Mostly, we're waiting.
This weekend, prospects for a China Trade Deal took a downturn (and I'm ignoring the fact that China has no incentive to make a deal with a President who may not last long enough to sign the deal because I'm just so sick of the whole thing already) as Chinese officials said a "broad pact" was off the table, completely contradicting all the happy talk that came out of the White House last week to boost the markets.
As you can see from the chart above (and this one), China imports $4.5 TRILLION worth of merchandise of which, $100Bn comes from the US while China exports $2.5Tn worth of merchandise, of which $275Bn is with the US. Of course the US would like China to buy more of our goods but they simply can't afford them and forcing them to buy stuff just because US Consumers like to buy inexpensive Chines merchandise is – well, you can see how that's working out so far.
Is it easier for China to forces their citizens to buy 175% more US merchandise, whether it's good or not or should China make more of an effort to make up the 10% of their merchandise sales to the US by making their easier-to-get-along-with trading partners happy? While it would be nice to "fix" the trade issues with the US – it certainly isn't the desperate situation for China that Trump paints it to be when talking to the very uncritical suckers who still support him.
Those people never check his facts, so he can make up anything he wants but the actual trade negotiations are held in a place called "reality" and that's why the average Fox viewer, Trump/GOP lackey or Conservative pundit are wrong, over and over and over again when they try to predict what China will do next. If your are basing your analysis on Trump's BS – what hope do you have of making accurate predictions?
Vice Premier Liu He, who will lead negotiations for China, told dignitaries that his offer to the U.S. will not include commitments on reforming Chinese industrial policy or government subsidies, according to to Bloomberg. These are among the Trump administration’s main demands in the trade talks but Trump's back is against the wall and he may make a LOT of concessions, just to be able to say he got a deal done (and he'll tell you what a beautiful deal it was, no matter what).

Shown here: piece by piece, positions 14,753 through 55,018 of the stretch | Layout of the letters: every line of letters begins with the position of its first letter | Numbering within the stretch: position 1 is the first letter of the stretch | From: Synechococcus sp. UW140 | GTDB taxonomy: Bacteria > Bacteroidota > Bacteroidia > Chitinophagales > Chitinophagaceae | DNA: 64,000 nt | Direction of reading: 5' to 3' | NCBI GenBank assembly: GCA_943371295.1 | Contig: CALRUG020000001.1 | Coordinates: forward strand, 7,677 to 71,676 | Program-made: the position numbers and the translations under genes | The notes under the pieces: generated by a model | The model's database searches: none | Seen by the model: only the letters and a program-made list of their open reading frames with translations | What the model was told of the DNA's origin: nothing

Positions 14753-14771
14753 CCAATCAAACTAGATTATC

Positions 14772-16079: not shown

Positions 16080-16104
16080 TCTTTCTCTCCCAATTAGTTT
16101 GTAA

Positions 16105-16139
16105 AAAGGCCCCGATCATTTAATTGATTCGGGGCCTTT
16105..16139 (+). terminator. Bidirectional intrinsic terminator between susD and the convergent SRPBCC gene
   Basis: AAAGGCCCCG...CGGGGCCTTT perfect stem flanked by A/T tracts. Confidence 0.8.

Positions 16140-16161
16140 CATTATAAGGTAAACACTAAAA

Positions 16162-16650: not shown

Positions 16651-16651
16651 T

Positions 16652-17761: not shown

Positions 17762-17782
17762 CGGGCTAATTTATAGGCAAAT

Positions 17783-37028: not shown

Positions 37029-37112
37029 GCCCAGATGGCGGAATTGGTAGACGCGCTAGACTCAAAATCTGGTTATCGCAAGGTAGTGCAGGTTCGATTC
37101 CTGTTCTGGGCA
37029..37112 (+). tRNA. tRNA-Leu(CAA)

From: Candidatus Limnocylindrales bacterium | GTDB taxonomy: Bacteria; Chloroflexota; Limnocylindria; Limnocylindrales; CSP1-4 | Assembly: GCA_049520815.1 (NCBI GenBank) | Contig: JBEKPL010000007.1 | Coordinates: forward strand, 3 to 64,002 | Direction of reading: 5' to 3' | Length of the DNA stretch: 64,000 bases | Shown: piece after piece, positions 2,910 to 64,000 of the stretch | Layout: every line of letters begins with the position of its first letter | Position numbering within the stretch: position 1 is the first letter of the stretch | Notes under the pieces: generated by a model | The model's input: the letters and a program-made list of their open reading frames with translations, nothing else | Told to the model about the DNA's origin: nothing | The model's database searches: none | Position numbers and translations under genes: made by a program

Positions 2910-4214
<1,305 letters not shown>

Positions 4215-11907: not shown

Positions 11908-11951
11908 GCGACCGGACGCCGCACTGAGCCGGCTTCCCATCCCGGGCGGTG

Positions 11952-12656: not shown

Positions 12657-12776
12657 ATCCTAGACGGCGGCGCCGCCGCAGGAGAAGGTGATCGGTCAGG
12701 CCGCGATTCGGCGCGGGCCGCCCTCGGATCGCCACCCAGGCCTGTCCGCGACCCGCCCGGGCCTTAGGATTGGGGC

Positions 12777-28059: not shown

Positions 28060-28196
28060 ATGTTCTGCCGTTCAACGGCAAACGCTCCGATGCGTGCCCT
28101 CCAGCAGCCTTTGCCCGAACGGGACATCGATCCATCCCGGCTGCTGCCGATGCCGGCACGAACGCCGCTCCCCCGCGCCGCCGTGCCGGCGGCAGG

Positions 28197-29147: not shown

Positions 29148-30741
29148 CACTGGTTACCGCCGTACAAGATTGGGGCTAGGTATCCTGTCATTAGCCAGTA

As trade negotiators prepare for this week, tensions have also grown after reports revealed that Trump officials were weighing some curbs on U.S. investments in China, including possibly blocking all U.S. financial investments in Chinese companies. White House trade policy director Peter Navarro, however, denied those reports and called them “fake news”, because he didn't like what it said.
Of course, if we want the Fed to launch QE4, we need the trade talks to fail so it's kind of a complicated game that won't be resolved until the end of the month, when the Fed has their next policy meeting but, even then, we may not get a proper resolultion – we sure didn't from the last few Fed meetings, did we? So we're in CASH!!! and likely to stay that way until earnings season in November (11th) and, while we might make a few trades to pick up some bargains here and there – it's mostly going to be about honing our macro veiw this month and looking ahead to what we expect in the 2020s – which are just around the corner!
Powell is speakking 3 times this week and Kashkari speaks 4 times so I'd guess whatever Kashkari says at 10:20 this morning will be the prevailing message from the Fed which, judging from last week's comments – is doveishness.
Still, we wonder if it's doveish enough to hold the markets up – especially if we have another incident where China walks out of the trade talks early, with no deal and no follow-up scheduled. With anti-China fanatic, Robert Lighthizer still leading the Trade Talks – anything can happen.
It's going to be a fun week – to watch from the sidelines!